|A Schwinn with 48-17 gear ratio|
Another disastrous week for Barnet Council / NSL with motorists winning 48 cases and the council's parking tickets being upheld in only 14. In the year to March 11 the usual result pattern was about 50/50 but in the following year the outcome changed a little in favour of the council with a typical 64/36 ratio in favour of the council (we could call that 2 to 1 for round numbers)
Now either the council have got better at issuing tickets or motorists are contesting more and not doing a very good job of it. They should look for help from either a professional firm or friends who are expert. The council & NSL do make plenty of errors, you simply have to spot which one they made this time. Start with signs and lines; are they clear, correct and compliant?
Is the PCN (parking ticket) for the correct offence as if not it is immediately invalid? I have seen parking tickets given for not displaying a blue badge when the car was in a loading bay.
The next question is has the process been followed correctly? When I have time I will draw up a flowchart of stages and time limits to assist you.
The interesting cases last week were as follows.
The evidence (of Barnet Council) is at best unreliable and misleading - from the notes of the adjudicator. In addition the photographs were not adequate.
A parking ticket was cancelled for the "contravention" of parking across a dropped kerb with the consent of the resident. Why oh why this has to go all the way to PATAS is a question that Barnet Council & NSL should be asking themselves. They aren't hoping that the motorist will give up and pay are they? (Don't park across a dropped kerb in a CPZ though and not to business premises either).
The danger of postal orders was illustrated when one sent to Worthing for £55 was said not to have been received and now the penalty is £110. I hope the person kept a photocopy of the Postal Order so that they can reclaim their money.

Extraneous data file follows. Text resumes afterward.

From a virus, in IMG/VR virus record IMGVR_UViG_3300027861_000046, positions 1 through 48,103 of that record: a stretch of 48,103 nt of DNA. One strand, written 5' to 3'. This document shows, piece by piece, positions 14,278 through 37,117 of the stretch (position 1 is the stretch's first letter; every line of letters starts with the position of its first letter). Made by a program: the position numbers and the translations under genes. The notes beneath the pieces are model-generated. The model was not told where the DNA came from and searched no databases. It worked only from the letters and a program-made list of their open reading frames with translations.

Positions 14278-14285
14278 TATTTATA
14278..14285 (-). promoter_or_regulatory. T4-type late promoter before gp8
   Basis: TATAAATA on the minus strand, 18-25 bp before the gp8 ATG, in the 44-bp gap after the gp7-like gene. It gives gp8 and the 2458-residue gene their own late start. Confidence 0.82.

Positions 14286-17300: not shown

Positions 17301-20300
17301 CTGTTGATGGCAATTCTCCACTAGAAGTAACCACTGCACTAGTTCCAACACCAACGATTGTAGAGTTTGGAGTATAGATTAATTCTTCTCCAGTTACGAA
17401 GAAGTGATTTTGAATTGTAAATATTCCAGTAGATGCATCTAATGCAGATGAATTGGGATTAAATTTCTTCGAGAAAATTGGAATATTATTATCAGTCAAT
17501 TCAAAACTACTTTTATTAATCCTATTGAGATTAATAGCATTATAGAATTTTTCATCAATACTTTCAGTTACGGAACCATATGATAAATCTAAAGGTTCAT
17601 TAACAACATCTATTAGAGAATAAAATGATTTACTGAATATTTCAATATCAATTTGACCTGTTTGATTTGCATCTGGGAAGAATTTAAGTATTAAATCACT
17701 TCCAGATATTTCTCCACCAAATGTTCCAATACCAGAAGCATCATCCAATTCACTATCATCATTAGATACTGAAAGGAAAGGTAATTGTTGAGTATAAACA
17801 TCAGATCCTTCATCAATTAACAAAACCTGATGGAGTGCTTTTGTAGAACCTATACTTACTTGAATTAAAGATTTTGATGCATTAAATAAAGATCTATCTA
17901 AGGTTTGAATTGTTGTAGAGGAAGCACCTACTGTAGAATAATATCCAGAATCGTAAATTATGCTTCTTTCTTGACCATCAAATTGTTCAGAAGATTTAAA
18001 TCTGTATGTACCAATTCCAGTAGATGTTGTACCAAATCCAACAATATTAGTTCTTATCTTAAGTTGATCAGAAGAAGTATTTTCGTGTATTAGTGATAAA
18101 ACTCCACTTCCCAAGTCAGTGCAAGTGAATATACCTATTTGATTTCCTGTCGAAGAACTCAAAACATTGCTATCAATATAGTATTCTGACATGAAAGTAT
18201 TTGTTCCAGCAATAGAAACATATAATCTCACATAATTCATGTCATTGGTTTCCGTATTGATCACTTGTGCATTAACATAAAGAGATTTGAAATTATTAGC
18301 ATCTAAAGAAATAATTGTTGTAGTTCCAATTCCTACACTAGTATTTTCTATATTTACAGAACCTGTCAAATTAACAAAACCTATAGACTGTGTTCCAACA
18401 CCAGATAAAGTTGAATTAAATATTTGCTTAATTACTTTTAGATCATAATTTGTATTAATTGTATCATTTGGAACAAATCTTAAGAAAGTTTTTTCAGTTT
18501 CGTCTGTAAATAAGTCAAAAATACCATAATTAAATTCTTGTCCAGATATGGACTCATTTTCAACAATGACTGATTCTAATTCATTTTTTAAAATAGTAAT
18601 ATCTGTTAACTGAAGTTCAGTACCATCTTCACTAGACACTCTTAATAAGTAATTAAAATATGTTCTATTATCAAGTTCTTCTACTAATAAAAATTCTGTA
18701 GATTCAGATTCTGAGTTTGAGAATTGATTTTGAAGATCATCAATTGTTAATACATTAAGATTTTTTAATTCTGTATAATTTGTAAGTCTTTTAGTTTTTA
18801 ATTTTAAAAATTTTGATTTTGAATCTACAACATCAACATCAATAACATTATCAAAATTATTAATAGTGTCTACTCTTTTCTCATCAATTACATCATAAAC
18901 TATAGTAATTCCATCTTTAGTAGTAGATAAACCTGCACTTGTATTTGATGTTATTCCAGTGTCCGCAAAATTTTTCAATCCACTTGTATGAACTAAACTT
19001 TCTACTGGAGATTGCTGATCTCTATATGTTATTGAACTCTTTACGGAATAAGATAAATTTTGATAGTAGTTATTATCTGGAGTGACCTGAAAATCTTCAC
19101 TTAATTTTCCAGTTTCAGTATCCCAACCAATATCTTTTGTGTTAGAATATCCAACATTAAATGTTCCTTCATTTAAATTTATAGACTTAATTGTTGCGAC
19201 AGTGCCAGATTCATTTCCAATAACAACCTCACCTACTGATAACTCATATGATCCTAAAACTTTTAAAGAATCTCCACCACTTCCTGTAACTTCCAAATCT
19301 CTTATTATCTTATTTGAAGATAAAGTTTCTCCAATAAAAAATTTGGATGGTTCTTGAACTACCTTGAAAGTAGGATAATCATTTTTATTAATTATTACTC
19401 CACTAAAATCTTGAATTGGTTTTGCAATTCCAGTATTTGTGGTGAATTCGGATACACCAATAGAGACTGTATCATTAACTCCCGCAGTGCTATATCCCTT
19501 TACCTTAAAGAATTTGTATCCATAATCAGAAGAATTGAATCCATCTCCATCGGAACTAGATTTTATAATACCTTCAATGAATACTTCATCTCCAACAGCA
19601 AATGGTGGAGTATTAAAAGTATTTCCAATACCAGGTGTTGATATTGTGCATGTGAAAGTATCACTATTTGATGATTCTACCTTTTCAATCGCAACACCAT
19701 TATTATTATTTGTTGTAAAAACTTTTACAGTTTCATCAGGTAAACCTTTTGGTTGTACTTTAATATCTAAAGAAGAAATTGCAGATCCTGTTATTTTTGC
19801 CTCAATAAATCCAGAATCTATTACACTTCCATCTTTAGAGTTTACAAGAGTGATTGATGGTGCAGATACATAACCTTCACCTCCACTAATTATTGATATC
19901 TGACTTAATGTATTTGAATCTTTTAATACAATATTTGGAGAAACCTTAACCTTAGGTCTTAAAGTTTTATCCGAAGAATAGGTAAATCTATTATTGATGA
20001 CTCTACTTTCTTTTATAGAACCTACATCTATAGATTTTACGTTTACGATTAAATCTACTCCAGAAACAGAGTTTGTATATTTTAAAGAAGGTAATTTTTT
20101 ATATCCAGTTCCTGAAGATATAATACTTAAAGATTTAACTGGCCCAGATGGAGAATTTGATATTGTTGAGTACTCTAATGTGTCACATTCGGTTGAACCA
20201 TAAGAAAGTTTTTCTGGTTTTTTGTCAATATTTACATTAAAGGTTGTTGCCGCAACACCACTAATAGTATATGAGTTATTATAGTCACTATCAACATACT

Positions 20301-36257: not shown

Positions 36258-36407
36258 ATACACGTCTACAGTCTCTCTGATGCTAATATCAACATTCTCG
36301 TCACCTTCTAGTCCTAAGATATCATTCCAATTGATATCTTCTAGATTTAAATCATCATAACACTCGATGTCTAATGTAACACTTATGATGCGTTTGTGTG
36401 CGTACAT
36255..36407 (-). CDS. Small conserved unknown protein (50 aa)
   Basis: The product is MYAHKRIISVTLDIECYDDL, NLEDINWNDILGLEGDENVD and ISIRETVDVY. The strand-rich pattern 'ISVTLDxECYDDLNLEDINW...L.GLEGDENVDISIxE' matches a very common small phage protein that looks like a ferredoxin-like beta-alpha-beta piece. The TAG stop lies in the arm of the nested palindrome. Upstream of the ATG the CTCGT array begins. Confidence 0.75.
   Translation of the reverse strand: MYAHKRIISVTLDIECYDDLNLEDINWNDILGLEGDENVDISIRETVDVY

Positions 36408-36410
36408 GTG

In another case a resident parked across their own dropped kerb and due consideration was not given to representations (I think NSL reject all representations as a matter of course as most people then give in. Don't. Follow the process. The parking ticket was cancelled.
Yet another dropped kerb case where only the bumper was across the kerb and it didn't stop anyone using the access. The overhang was described as "de minimis" or in English, "not worth bothering about". This was over zealous ticketing by NSL. Ticket cancelled.
It was all dropped kerbs last week. Perhaps that has been one of NSL's recent campaigns to get ticket numbers up. A single yellow line across a dropped kerb at Vineyard Ave (off Bittacy Hill) was described as confusing and misleading and so the parking ticket was cancelled.
Formal representations have to be dealt with within 56 days, which is 8 weeks and more than long enough to reply to a letter. Longer was taken and so the ticket must be cancelled as that is a procedural impropriety. Did that happen to you, did you respond to a Notice to Owner and not hear within 56 days. If you did, then demand the parking demand be cancelled. If you paid, ask for your money back + postage and any costs you incurred.